Australia Secures Two More COVID Vaccine Agreements

Australia Secures Two More COVID Vaccine Agreements
Prime Minister Scott Morrison addresses the media during a visit to AstraZeneca in Sydney, Australia on August 19, 2020. (Lisa Maree Williams/Getty Images)

Australia will have access to 134 million doses of COVID-19 vaccines after the federal government secured two more agreements.

Prime Minister Scott Morrison on November 5 will announce a deal with Novavax to supply 40 million vaccine doses and Pfizer-BioNTech for 10 million doses.

This brings the government’s COVID-19 vaccine investment to more than $3.2 billion, adding to deals with University of Queensland-CSL and Oxford-AstraZeneca.

Access to the vaccines is subject to clinical trial outcomes on the safety and effectiveness of each candidate, and approval by the Therapeutic Goods Administration.

The Novavax vaccine, made in the United States and the Czech Republic, will require two doses per person, with the first supply expected to arrive in early 2021.

The Pfizer-BioNTech vaccine candidate is also set to arrive in a similar timeframe and will be made in the United States, Belgium and Germany.

The Pfizer-BioNTech is a messenger ribonucleic acid (mRNA) type vaccine and the Novovax vaccine is a protein-type vaccine.

Health Minister Greg Hunt said Australia’s COVID-19 vaccine portfolio now had two protein vaccines and one mRNA and one viral vector type vaccine.

“The goal and the expectation is that Australians who sought vaccination will be vaccinated within 2021,” Hunt said.

Health and aged care workers, and the elderly and vulnerable will be the first to gain access to a vaccine.

People will be able to initially access the vaccines from GPs, GP respiratory clinics, state and territory vaccination sites and workplaces such as aged care facilities.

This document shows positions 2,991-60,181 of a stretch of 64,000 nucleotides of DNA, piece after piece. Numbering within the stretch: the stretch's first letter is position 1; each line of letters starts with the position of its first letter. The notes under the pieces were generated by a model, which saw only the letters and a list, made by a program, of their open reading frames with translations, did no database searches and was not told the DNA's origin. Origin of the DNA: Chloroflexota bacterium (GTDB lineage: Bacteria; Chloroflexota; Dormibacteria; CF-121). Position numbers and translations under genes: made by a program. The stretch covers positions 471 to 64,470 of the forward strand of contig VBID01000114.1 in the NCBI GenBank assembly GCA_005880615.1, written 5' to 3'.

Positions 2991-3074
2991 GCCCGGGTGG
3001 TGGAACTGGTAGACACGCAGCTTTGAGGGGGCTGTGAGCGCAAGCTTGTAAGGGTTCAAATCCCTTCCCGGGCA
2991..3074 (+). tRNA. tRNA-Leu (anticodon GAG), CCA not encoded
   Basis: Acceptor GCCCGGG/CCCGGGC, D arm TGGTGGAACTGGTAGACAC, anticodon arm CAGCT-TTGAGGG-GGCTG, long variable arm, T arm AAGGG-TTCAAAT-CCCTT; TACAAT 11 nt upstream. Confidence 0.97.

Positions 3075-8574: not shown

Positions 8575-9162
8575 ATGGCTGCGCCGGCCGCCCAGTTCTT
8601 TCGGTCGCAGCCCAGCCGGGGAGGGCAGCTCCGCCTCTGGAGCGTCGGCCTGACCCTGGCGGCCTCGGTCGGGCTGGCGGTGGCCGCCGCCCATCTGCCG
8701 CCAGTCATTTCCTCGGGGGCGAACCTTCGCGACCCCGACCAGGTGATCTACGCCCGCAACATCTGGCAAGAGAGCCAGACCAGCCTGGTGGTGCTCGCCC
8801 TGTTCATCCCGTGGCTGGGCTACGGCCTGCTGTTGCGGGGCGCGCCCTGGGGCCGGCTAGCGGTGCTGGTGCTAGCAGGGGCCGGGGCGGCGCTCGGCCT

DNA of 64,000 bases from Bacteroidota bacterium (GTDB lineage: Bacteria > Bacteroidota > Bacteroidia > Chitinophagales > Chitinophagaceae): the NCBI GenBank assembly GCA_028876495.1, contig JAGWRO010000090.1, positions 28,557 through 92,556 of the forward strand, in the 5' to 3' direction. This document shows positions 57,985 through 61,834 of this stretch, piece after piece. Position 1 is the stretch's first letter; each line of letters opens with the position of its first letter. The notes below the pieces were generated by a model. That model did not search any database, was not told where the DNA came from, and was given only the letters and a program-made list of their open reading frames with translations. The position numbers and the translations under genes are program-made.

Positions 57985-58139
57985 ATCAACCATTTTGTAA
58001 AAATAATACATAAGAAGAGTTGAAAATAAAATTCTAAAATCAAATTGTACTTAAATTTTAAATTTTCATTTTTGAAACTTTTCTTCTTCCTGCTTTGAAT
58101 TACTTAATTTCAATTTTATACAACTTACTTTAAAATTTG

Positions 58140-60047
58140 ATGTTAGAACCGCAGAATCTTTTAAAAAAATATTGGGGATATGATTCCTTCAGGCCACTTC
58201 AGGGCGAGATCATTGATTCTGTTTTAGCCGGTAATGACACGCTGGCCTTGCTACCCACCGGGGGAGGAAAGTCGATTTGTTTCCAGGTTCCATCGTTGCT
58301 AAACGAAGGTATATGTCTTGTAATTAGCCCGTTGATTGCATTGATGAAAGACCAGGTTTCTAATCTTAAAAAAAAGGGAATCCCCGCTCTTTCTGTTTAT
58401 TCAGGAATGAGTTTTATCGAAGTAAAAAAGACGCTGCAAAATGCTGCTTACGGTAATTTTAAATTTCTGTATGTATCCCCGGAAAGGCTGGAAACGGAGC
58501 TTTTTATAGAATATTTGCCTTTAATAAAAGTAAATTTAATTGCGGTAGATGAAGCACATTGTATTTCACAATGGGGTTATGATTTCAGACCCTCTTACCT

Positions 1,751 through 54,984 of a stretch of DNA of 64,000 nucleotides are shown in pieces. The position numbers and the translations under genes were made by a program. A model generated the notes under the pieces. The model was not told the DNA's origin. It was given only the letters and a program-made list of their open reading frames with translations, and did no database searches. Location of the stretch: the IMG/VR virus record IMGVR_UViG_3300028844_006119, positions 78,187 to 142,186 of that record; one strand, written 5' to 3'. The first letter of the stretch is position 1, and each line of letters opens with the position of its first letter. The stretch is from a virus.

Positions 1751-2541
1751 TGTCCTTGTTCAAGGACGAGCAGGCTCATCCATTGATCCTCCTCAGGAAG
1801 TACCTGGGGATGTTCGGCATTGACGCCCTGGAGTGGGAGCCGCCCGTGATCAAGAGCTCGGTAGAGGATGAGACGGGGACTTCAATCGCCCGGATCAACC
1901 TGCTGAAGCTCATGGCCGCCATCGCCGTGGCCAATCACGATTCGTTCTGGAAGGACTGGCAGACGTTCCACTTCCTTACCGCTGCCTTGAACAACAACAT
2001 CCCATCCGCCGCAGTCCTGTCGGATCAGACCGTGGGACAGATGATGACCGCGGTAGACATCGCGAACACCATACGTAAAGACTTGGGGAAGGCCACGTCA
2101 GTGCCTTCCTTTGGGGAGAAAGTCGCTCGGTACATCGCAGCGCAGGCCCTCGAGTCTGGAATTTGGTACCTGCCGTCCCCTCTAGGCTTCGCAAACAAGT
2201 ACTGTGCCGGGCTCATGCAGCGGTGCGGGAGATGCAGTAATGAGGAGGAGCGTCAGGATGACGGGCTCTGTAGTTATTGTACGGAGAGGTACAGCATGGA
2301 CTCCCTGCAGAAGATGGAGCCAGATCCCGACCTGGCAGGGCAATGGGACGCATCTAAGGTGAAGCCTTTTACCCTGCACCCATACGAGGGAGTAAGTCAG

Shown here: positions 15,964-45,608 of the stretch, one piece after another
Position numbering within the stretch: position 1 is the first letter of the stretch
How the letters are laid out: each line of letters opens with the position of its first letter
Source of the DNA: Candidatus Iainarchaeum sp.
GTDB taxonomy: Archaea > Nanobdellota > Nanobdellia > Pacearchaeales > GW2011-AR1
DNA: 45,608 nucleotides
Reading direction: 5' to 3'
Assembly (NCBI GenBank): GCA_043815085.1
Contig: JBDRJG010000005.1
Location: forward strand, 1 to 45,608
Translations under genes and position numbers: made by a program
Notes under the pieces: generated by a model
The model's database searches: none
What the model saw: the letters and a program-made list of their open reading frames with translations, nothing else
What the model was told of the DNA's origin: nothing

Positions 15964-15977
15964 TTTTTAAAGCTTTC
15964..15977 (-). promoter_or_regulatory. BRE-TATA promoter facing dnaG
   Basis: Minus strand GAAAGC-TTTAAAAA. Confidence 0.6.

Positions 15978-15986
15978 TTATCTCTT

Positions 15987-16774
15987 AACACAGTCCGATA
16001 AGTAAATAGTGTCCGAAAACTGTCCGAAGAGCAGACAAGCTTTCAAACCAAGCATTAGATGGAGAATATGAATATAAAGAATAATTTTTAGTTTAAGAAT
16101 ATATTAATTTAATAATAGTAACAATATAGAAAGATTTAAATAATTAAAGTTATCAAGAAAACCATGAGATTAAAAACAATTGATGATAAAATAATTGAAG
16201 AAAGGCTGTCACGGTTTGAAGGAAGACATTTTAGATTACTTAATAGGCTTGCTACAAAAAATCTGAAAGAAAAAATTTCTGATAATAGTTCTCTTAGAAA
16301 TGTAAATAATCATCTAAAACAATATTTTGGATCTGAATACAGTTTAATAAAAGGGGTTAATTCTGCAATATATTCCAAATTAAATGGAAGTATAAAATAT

It will not be mandatory and will be made available free of charge.

The deal comes as the Queensland government is coming under increasing pressure from business leaders and other states to loosen its border restrictions.

The Sunshine State has reopened to regional NSW residents for the first time in almost four months, but Sydneysiders are still banned.

The hardline stance is looking increasingly untenable now the border between NSW and Victoria is reopening on November 23.

“Very proudly I say NSW will be the only jurisdiction in Australia that will be welcoming residents of all states, of all jurisdictions,” NSW Premier Gladys Berejiklian said on Wednesday.

Berejiklian challenged her Queensland counterpart to follow suit, but Annastacia Palaszczuk was unmoved.

Queensland won’t make any decisions on opening its border to greater Sydney or Victoria before the end of the month, Palaszczuk said.

Tasmania has scheduled its reopening to NSW residents on Friday.

It is hoped Victorians will be able to visit from December 1 if the state’s case numbers remain low.

Western Australia has flagged reopening its borders to all states and territories from November 14, although some restrictions will remain for people from NSW and Victoria.

NSW reported three locally transmitted infections and another six cases in hotel quarantine on Wednesday.

All three local cases were household contacts of people already in isolation.

Victoria recorded no new cases of coronavirus and no deaths for a fifth consecutive day.

Paul Osborne in Canberra
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